New protein that enables SARS-CoV-2 access into cells identified
Researchers have found that extracellular vimentin facilitates SARS-CoV-2 entry into human cells, presenting a new target.
A team of researchers from the Boston University School of Medicine (BUSM), US, has identified extracellular vimentin as an attachment factor that facilitates SARS-CoV-2 entry into human cells. According to the scientists, vimentin is a structural protein that is widely expressed in the cells of mesenchymal origin such as endothelial cells and is a potential novel target against the virus, as it could be used to block infection from SARS-CoV-2.
The researchers highlight that entry of SARS-CoV-2 into human cells is an essential step for virus transmission and the development of COVID-19. Although the lung epithelial cells are its initial target, SARS-CoV-2 also can infect endothelial cells, which are the major constituents of the vascular system and cardiovascular complication is a hallmark of severe COVID-19.
Angiotensin-converting enzyme 2 (ACE2) is a known entry receptor for SARS-CoV-2, but the possible involvement of other cellular components in the viral entry is not fully understood.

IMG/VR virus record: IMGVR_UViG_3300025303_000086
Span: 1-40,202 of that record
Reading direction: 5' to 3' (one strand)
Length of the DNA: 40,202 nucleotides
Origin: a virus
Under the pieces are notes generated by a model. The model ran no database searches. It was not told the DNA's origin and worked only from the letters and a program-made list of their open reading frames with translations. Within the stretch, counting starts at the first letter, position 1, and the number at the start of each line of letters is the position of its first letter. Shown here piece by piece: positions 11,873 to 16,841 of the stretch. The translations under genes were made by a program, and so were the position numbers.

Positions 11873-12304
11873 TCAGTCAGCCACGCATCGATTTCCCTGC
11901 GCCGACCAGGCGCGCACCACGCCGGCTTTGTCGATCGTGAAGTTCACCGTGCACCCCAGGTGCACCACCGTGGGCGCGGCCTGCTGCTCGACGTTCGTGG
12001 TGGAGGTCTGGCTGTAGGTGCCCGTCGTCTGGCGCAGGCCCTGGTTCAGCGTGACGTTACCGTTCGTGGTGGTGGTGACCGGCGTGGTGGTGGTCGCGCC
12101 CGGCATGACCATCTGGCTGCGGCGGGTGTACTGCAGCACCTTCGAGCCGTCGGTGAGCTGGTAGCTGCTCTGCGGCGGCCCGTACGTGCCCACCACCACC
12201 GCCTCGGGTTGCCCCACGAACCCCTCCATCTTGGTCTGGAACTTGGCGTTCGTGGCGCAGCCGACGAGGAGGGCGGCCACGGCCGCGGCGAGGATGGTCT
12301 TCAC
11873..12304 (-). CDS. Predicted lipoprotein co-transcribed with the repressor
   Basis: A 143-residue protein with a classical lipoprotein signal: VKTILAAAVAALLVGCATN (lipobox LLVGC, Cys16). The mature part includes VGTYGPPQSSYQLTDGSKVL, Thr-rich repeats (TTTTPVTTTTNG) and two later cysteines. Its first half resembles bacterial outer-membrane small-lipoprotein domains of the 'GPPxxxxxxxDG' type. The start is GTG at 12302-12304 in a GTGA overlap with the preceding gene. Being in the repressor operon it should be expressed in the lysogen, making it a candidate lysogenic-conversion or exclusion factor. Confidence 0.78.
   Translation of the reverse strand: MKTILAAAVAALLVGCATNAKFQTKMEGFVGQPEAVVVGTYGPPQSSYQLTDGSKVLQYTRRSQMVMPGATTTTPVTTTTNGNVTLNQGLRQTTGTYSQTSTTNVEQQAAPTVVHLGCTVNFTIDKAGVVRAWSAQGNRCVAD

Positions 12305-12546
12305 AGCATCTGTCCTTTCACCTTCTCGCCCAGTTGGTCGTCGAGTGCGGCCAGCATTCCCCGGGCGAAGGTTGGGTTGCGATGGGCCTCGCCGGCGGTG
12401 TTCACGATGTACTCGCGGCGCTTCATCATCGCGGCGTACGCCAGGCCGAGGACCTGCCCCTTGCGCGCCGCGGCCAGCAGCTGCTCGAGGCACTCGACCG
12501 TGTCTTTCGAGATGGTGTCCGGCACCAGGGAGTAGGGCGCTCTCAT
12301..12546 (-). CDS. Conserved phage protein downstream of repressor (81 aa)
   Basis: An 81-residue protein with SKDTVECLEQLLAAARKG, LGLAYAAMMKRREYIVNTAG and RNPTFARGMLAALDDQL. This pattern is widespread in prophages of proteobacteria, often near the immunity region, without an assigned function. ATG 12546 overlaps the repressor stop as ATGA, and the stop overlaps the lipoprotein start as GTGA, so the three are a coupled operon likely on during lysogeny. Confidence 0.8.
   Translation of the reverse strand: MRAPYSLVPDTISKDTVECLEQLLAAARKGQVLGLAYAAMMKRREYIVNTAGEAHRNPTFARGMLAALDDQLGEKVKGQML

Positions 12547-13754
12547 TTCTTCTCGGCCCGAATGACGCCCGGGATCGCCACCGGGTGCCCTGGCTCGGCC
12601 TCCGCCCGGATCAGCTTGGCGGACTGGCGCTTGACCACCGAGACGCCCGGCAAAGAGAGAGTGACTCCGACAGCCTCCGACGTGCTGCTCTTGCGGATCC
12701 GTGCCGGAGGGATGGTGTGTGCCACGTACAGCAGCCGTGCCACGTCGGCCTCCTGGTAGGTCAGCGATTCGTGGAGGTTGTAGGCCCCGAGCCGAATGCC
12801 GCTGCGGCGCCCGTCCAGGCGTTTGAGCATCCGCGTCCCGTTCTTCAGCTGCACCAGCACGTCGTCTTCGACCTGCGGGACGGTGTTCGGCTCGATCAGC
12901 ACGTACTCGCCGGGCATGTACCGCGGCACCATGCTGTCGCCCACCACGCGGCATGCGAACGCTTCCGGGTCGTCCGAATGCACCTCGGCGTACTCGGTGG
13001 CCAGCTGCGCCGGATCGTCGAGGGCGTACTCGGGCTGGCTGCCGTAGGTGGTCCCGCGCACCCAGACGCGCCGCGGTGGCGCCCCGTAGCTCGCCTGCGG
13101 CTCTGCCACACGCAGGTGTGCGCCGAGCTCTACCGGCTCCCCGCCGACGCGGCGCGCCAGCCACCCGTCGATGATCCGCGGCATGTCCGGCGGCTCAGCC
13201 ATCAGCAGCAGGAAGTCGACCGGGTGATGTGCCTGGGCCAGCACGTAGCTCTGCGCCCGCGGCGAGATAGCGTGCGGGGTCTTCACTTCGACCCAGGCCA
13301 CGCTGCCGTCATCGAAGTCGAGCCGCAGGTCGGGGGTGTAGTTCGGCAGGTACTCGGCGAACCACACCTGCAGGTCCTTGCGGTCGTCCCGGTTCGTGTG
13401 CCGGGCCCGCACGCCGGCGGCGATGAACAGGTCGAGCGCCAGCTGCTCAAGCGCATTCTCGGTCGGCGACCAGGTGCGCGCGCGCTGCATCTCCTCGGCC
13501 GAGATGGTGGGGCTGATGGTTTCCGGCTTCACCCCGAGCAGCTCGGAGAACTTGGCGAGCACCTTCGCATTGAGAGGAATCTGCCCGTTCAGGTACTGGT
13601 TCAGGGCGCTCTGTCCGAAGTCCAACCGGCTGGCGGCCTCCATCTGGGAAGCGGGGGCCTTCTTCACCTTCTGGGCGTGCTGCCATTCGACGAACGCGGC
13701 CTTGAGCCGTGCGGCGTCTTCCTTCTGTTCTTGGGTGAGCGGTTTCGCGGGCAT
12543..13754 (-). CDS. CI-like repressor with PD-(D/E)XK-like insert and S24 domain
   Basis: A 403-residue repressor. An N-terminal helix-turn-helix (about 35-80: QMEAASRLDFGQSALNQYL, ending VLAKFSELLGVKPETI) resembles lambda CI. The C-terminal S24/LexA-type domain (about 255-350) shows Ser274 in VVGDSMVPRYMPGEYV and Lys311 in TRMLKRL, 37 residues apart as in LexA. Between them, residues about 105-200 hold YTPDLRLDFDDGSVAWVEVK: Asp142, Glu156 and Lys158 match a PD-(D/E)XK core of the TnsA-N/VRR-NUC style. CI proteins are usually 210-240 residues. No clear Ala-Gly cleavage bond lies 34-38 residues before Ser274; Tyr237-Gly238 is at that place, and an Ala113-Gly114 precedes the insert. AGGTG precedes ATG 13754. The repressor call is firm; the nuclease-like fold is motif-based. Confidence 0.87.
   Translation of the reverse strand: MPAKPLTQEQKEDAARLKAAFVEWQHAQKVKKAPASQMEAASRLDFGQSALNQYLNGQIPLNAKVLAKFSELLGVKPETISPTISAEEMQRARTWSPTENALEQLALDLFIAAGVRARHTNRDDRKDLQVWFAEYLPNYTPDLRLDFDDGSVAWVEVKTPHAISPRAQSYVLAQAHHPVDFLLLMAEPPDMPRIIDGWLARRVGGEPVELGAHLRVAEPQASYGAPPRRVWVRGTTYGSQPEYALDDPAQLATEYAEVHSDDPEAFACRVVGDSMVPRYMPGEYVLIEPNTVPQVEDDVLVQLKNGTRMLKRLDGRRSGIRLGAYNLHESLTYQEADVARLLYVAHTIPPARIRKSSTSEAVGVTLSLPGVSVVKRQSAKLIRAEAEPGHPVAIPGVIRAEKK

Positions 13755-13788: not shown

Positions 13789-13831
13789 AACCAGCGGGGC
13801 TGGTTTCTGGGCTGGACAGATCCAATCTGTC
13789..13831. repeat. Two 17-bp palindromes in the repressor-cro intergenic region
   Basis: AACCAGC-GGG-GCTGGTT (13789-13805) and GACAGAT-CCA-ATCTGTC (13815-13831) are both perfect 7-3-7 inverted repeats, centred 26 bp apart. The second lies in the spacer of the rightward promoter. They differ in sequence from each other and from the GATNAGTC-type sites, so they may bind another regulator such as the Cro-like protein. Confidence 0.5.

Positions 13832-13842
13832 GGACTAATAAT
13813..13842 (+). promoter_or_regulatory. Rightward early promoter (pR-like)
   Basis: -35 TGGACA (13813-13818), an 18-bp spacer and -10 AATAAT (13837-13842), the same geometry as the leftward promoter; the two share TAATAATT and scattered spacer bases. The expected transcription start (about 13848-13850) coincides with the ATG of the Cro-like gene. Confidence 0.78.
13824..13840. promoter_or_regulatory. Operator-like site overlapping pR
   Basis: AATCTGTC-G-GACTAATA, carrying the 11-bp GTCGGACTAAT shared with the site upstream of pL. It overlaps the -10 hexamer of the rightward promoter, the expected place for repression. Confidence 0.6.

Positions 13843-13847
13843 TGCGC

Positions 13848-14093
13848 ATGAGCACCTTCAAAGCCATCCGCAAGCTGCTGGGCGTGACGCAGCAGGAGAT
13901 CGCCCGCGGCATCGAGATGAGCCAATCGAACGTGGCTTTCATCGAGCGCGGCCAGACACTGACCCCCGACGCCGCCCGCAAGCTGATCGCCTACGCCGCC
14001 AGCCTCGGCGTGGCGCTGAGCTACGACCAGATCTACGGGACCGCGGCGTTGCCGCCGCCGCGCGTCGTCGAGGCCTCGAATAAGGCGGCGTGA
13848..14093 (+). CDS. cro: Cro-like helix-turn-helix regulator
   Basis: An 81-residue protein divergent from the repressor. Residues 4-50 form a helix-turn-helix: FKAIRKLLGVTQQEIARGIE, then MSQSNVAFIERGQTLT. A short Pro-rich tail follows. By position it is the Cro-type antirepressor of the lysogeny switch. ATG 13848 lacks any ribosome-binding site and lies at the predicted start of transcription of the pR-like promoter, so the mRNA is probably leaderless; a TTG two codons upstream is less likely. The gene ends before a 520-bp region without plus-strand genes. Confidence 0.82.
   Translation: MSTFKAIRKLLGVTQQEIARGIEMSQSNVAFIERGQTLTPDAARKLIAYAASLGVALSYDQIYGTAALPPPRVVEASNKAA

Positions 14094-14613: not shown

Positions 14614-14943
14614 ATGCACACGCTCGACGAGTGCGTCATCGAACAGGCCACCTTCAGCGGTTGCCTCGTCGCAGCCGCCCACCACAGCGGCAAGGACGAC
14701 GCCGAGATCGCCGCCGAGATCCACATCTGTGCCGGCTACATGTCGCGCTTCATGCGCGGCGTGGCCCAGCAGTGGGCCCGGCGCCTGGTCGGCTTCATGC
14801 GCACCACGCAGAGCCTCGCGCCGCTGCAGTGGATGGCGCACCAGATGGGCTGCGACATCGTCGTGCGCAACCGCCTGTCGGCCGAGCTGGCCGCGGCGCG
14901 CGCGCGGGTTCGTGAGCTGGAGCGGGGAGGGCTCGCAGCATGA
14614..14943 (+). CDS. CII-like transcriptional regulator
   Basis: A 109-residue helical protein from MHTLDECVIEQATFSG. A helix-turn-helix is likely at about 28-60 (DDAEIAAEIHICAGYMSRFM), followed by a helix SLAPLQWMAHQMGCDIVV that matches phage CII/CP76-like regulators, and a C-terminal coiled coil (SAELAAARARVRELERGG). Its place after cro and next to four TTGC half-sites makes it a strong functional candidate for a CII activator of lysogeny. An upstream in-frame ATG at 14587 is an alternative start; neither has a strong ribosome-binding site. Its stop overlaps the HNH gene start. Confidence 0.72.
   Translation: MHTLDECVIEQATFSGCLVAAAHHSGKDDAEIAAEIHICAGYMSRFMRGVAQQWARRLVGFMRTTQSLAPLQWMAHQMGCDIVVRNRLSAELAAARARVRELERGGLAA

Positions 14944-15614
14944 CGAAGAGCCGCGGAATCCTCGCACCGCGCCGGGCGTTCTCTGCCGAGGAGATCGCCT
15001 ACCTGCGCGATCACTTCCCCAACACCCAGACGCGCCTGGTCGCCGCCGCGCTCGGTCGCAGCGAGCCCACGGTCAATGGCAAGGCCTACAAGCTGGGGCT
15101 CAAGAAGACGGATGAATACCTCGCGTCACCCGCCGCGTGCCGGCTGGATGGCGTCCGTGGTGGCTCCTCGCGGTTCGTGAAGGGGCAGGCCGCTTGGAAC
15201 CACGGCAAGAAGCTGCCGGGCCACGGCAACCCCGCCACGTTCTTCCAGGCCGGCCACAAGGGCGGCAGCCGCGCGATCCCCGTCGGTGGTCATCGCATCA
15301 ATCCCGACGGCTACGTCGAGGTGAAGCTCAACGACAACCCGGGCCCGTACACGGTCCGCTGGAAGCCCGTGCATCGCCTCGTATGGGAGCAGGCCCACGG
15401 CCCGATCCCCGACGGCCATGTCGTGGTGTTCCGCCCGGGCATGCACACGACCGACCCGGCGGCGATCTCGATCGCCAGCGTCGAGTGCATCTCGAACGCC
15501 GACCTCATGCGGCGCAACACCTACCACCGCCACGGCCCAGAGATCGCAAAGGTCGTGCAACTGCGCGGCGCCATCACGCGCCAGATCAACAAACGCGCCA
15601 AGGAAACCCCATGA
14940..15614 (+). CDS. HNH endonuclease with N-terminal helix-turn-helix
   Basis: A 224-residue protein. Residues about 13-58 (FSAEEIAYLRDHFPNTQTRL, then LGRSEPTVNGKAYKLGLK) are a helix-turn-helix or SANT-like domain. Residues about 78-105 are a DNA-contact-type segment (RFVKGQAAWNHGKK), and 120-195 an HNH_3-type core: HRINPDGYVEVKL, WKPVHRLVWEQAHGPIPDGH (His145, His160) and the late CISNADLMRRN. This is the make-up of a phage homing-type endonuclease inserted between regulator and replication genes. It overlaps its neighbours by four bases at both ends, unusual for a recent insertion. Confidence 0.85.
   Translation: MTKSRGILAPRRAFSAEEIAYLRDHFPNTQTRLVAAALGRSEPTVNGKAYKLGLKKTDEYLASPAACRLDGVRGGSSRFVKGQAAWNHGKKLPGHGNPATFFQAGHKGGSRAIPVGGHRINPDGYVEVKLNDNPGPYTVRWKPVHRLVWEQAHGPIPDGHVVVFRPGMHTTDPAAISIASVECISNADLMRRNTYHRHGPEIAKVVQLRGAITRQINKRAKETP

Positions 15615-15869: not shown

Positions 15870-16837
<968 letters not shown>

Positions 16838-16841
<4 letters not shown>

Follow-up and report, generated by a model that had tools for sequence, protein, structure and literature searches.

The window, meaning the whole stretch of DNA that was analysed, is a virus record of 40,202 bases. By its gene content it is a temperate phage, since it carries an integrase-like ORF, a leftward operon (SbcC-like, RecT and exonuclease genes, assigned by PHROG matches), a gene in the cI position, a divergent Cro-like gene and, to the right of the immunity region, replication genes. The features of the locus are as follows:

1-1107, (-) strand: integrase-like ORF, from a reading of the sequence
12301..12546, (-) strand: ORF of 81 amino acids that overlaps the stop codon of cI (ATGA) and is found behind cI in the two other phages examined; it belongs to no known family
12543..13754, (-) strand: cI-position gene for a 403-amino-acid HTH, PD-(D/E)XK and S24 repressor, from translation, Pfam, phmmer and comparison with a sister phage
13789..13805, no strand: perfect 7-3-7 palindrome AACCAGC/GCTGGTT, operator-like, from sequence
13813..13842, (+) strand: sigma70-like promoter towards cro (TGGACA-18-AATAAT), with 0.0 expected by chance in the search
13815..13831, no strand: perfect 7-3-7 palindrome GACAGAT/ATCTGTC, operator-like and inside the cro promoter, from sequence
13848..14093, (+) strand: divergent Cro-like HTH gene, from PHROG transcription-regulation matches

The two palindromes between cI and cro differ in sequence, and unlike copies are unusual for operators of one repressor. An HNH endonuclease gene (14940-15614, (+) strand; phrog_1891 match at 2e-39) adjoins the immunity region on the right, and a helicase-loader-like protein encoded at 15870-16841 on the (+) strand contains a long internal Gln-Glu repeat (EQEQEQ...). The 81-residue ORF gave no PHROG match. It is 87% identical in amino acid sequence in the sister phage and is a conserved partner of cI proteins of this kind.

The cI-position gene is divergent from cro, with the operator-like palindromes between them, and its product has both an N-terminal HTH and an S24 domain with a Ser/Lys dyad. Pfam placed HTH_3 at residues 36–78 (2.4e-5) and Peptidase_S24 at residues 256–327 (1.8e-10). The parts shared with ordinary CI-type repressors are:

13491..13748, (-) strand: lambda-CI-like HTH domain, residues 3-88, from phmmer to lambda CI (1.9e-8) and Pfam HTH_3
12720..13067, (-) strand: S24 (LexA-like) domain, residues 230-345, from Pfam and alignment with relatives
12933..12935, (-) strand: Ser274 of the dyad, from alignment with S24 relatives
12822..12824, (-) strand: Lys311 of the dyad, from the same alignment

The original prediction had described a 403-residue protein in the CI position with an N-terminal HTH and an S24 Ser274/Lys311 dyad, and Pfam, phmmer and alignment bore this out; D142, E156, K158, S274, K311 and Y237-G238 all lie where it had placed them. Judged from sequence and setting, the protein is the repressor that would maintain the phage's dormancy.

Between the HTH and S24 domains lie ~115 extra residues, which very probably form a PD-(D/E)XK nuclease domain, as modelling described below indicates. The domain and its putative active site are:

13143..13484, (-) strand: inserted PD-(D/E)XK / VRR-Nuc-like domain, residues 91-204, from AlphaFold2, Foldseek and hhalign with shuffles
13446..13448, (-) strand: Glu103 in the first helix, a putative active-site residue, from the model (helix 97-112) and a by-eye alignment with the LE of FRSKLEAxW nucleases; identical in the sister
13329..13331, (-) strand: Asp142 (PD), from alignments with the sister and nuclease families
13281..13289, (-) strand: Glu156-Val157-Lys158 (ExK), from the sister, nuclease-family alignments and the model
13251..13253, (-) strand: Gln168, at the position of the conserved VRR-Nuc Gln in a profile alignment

In their study, published in Proceedings of the National Academy of Sciences, the researchers used liquid chromatography–tandem mass spectrometry (LC-MS/MS) and identified vimentin as a protein that binds to the SARS-CoV-2 spike (S) protein and facilitates infection from the virus. They also found that depletion of vimentin significantly reduces SARS-CoV-2 infection of human endothelial cells. In contrast, over-expression of vimentin with ACE2 significantly increased the infection rate.
“Severe endothelial injury, vascular thrombosis and obstruction of alveolar capillaries are common features of severe COVID-19. Identification of vimentin as a host attachment factor for SARS-CoV-2 can provide new insight into the mechanism of SARS-CoV-2 infection of the vascular system and can lead to the development of novel treatment strategies,” said corresponding author Associate Professor Nader Rahimi. “More importantly, we saw that the CR3022 antibody inhibited the binding of vimentin with the S protein and neutralised SARS-CoV-2 entry into human cells.”